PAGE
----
Large-scale data centers—the massive warehouses full of mainframe computers that form the information backbones of companies such as Google, Facebook, Microsoft, and Amazon—will soon account for as much as one-fifth of U.S. electric power use.
Surprisingly, however, those data centers might actually help ease an important source of strain on the nation’s power grid by offering a quick and easy strategy to fine-tune demand for electricity in different geographical regions.
“Flexibility is essential for the grid to withstand extreme events like severe weather or a cyber-attack,” says Victor Zavala, an associate professor of chemical and biological engineering at the University of Wisconsin-Madison.
The notion that data centers could help the power grid become more flexible has earned a team of researchers a $1.8 million grant from the National Science Foundation initiative “Critical Resilient Interdependent Infrastructure Systems and Processes.” Spearheading the effort are researchers at the University of Wisconsin-Madison and the University of Chicago.
“If you put the data centers in different strategic locations in the network, they can operate like valves that help you control the flow of power in the network,” says Zavala, who is leading the UW-Madison contingent along with electrical and computer engineering faculty members Bernard Lesieutre and Line Roald.
Excessive electricity that cannot be easily absorbed into one regional grid is a big challenge for the nation’s power markets. Oftentimes, one area of the country can have a power surplus while another region might experience rolling blackouts.
“The power grid has limited transmission capacity,” says Zavala. “What power networks need is the ability to distribute loads in space and time.”
In other words, excessive electricity from a Midwest wind farm on a particularly blustery day can’t realistically help alleviate a rolling blackout in California during a heat wave.
Yet that extra electricity needs to go somewhere. When wind turbines or other energy sources produce more electricity than the local cities demand, regional independent system operators must sell that so-called “stranded power” at steep discounts—or even at negative cost.
In 2014 alone, stranded power in the mid-continent region (the swath of land that includes Wisconsin and the Midwest) amounted to 17 terawatt hours, or enough to power one million homes.
And as increasing amounts of energy come from renewable sources like wind turbines—which can generate wildly variable amounts of electricity depending on weather conditions—more and more stranded power will need to be absorbed into the grid.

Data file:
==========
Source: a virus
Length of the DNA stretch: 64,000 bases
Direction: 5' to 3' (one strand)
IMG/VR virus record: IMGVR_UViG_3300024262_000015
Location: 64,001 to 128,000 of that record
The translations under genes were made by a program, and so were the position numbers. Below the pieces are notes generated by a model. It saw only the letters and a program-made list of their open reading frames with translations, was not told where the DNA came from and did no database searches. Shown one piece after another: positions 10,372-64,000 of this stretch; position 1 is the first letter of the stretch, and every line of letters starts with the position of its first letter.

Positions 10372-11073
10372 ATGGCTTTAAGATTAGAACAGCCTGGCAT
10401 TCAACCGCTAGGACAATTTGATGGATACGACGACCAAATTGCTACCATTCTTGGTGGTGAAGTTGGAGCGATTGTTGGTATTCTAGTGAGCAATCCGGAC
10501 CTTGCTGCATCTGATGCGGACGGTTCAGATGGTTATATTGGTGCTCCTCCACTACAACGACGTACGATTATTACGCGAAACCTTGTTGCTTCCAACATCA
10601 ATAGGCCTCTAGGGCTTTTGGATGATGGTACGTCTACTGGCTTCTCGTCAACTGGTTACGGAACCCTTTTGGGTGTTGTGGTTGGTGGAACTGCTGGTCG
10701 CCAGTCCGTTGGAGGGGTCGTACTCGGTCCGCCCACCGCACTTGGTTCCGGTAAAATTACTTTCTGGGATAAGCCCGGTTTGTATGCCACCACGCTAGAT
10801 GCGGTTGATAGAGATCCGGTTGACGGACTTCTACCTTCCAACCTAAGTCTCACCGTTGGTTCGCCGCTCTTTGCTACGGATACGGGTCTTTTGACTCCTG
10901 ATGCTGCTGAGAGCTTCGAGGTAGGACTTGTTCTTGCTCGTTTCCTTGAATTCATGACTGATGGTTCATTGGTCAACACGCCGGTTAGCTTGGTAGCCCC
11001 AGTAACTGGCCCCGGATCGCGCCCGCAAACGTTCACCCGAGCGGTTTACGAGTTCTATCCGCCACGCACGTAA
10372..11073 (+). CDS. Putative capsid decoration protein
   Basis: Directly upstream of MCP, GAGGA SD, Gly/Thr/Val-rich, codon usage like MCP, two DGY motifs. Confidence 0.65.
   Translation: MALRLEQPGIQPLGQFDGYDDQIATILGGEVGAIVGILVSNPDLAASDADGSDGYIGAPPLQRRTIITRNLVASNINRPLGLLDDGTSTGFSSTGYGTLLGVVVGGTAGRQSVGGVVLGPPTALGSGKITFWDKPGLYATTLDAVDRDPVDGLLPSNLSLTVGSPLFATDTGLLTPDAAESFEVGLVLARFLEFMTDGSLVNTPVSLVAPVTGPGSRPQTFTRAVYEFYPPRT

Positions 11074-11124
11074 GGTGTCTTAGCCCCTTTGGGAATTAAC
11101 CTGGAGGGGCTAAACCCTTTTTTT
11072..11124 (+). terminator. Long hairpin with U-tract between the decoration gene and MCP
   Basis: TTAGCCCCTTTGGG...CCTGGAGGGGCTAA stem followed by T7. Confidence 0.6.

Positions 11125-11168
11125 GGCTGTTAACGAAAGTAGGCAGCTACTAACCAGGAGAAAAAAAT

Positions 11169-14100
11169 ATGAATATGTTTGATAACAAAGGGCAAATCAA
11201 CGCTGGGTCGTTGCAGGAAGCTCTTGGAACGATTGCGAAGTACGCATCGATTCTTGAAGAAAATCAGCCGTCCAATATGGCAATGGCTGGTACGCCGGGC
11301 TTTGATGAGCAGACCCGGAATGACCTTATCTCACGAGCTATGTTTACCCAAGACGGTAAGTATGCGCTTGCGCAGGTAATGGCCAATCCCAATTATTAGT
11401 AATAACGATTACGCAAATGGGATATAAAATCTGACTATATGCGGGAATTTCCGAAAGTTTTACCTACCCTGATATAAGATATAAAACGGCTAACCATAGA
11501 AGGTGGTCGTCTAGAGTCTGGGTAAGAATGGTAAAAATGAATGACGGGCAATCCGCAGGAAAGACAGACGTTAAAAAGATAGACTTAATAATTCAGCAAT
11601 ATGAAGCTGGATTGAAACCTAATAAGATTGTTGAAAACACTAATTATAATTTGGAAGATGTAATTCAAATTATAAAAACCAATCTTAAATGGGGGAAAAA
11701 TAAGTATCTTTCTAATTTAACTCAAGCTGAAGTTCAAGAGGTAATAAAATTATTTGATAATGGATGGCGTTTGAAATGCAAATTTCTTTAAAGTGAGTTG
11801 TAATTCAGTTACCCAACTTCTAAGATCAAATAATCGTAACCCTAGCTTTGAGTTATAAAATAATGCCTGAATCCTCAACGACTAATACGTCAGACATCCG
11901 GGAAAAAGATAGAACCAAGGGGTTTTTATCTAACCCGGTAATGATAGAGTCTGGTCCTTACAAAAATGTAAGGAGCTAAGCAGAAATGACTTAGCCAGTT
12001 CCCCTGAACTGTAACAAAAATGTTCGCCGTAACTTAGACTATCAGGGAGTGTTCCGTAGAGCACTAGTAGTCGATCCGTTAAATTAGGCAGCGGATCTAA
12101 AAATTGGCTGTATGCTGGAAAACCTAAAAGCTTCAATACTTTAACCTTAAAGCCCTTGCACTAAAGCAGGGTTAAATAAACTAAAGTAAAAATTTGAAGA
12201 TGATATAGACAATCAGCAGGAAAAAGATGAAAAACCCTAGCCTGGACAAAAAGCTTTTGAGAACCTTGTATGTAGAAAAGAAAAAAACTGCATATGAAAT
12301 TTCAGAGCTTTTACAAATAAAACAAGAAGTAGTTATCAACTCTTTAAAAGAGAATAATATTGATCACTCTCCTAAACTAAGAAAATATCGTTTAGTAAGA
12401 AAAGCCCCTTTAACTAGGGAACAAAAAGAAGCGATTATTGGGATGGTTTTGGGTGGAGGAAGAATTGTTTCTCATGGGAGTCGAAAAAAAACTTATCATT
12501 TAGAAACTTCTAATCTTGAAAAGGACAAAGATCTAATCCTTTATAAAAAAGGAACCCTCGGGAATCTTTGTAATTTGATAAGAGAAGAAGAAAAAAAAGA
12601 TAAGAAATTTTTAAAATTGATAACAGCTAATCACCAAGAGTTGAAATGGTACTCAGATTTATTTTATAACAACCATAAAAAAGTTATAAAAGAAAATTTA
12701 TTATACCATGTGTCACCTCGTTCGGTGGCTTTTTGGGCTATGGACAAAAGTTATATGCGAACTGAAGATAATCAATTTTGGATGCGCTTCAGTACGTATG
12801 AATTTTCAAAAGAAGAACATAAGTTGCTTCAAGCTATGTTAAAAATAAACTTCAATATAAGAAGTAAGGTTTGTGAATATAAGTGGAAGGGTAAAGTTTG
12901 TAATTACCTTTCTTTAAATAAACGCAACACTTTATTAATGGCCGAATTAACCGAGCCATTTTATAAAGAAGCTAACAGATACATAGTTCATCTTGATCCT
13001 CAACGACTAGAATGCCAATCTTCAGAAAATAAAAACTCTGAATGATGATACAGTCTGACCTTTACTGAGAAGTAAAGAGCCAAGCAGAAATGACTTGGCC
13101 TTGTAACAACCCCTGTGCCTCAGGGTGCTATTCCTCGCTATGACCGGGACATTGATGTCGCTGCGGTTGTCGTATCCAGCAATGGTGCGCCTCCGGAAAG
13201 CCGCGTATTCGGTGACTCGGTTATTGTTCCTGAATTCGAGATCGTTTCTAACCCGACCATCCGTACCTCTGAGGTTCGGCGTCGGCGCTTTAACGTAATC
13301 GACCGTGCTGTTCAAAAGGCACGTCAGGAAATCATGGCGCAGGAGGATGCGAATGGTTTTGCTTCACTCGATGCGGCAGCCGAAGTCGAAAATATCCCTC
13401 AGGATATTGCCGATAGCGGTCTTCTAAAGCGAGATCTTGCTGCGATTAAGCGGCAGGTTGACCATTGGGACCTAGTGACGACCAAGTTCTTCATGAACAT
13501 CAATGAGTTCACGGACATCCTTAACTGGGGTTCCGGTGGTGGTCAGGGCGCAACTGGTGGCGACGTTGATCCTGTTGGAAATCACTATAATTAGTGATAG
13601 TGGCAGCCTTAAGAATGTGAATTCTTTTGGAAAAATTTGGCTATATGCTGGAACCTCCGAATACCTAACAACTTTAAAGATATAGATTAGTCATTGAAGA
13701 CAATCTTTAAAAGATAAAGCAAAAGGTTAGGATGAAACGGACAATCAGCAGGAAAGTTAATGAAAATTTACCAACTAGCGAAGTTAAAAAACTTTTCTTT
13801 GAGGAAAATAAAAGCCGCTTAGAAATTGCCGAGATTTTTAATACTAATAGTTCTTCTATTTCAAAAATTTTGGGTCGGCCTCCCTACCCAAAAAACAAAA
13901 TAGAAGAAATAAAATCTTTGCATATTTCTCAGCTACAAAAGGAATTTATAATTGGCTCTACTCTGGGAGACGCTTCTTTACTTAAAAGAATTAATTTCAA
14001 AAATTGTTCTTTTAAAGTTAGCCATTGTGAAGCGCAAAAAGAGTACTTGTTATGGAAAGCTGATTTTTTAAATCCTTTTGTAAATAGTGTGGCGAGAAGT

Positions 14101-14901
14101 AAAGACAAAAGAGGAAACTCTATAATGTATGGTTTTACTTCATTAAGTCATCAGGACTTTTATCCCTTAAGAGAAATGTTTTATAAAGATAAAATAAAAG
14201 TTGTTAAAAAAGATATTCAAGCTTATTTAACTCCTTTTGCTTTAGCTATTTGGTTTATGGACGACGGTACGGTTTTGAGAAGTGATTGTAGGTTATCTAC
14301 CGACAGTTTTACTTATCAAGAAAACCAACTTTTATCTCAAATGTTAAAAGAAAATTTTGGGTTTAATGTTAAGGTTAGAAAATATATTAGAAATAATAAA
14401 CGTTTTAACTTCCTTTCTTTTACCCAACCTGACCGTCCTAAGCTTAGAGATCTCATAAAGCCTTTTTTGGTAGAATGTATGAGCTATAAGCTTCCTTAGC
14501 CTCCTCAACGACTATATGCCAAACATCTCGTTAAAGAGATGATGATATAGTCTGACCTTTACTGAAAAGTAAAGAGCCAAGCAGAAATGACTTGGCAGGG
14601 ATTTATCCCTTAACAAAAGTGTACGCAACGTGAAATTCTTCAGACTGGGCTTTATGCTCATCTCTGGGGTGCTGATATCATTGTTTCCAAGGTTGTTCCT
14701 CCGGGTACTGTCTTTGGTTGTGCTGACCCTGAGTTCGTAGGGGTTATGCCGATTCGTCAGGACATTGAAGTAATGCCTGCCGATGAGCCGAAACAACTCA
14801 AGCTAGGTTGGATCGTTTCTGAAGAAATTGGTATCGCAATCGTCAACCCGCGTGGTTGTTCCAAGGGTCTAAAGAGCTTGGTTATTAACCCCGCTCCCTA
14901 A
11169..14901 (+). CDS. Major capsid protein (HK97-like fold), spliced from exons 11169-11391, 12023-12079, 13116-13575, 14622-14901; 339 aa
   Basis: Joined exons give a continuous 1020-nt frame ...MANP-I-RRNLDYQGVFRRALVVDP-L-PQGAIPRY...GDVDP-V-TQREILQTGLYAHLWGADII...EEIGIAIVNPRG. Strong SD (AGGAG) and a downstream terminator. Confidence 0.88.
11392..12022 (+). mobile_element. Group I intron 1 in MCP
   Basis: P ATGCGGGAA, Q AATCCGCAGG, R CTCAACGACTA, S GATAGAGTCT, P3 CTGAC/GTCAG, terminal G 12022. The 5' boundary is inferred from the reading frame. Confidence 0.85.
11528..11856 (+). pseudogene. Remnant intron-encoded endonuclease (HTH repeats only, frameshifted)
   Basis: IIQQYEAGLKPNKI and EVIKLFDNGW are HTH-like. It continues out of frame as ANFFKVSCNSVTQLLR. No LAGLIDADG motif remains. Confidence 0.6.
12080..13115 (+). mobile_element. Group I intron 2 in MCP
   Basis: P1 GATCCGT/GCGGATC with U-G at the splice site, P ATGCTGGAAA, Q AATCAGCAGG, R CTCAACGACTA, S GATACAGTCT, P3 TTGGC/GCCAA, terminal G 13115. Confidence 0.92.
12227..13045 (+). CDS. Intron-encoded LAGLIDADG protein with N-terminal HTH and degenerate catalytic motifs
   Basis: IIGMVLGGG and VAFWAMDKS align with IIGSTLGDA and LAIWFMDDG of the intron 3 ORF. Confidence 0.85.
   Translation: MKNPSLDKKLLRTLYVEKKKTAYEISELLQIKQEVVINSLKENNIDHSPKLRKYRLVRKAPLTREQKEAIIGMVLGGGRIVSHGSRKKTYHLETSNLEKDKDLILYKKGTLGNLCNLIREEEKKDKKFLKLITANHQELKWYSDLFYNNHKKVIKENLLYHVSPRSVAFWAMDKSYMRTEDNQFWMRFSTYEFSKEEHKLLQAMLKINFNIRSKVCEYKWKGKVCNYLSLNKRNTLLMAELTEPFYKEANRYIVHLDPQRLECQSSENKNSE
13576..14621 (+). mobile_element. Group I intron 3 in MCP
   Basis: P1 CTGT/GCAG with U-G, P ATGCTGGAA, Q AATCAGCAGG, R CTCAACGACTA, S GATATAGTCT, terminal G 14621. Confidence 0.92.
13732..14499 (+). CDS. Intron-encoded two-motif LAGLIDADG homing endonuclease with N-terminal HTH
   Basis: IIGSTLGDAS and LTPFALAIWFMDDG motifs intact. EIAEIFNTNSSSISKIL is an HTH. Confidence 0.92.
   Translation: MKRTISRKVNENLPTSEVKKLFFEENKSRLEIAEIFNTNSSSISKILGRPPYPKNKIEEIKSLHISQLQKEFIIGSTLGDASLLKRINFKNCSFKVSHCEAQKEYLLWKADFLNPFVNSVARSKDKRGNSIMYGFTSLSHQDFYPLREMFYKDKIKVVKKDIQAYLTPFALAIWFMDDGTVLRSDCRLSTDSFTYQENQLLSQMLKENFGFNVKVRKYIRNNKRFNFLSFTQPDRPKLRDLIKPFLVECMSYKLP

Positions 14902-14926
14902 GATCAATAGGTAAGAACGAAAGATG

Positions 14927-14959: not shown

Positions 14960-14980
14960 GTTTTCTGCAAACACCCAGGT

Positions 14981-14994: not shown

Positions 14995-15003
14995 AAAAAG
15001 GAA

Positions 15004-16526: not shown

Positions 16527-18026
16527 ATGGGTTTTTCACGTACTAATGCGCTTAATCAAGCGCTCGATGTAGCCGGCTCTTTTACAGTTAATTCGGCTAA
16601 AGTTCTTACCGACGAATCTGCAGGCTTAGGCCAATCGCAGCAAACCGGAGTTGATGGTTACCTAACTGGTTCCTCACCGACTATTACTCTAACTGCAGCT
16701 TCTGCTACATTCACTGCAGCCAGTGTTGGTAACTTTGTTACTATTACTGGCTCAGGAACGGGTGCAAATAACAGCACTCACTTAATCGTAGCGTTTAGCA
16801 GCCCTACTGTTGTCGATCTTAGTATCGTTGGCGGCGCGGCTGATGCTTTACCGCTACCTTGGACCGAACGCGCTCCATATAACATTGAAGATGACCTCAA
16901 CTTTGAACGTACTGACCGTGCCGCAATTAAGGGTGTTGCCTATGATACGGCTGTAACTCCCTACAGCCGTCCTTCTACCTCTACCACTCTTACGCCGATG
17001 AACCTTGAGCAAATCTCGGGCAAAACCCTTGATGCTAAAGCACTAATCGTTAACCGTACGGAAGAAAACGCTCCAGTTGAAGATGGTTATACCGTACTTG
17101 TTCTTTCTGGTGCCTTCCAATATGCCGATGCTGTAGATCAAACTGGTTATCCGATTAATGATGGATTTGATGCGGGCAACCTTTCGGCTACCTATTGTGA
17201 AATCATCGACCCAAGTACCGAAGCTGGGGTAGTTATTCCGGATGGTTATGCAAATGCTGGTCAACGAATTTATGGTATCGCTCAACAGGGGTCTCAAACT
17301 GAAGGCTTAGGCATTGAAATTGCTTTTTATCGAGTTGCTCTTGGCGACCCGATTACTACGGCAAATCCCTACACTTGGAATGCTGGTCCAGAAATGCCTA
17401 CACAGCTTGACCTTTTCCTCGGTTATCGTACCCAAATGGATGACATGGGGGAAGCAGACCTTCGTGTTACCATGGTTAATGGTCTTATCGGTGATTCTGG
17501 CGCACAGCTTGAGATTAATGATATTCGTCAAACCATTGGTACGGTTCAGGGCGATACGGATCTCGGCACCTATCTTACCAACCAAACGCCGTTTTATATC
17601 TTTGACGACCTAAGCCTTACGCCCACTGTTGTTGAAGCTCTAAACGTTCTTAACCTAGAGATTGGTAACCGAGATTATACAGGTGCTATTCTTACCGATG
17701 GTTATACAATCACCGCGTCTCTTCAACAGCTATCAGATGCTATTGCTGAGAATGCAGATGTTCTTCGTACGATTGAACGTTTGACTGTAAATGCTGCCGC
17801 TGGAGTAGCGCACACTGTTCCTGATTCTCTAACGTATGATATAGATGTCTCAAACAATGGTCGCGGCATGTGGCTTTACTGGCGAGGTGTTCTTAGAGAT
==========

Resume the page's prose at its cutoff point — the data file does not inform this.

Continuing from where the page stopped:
Given that one large-scale data center consumes as much electricity as a small town, it seems logical that locating a data center directly adjacent to a wind farm or a solar array could solve two problems at once: making use of stranded power and keeping computer processors humming.
What Zavala and colleagues have found, however, is that the solution lies within the data centers themselves, and distributing those centers at different locations throughout a power grid— not necessarily directly next to the plants—is better for the electrical network as a whole.
“Data centers have the ability to shift demands across the country almost instantly. That gives you unprecedented geographical flexibility,” says Zavala.
Unlike normal buildings, which need to keep their lights on during specific hours every day depending on their locations, data centers have substantial leeway as to when and where they perform energy-intensive computations.
For example, Facebook could pick and choose among multiple data centers on the east and west coasts, depending on the availability of stranded power in those regions.
Currently, regional power distributors across America don’t coordinate with each other in this manner—and that’s one reason why stranded power tends to accumulate between the borders of different independent system operators. That’s why one component of the project is to identify market incentives that could allow data centers to participate more directly.
“These are imperfections in the markets that don’t allow data centers to provide this flexibility,” says Zavala. “So, the question is how do we redesign the markets?”
It’s a question that is taking on urgency as the regional demographics of the United States continue to shift. With more people moving from rural to urban areas, demand for power is becoming concentrated into fewer and fewer smaller regions.
“Flexibility will give you more resilience and enable a more sustainable growth of the power grid,” says Zavala.
The research is supported by National Science Foundation Award # 1832230. Principal investigators at the University of Chicago are Andrew Chien, the William Eckhardt Distinguished Service Professor in the Department of Computer Science, and John Birge, the Erry W. and Carol L. Levin Distinguished Service Professor of Operations Management in the Booth School of Business. Victor Zavala is the Baldovin-DaPra Associate Professor of Chemical and Biological Engineering at UW-Madison.
Author: Sam Million-Weaver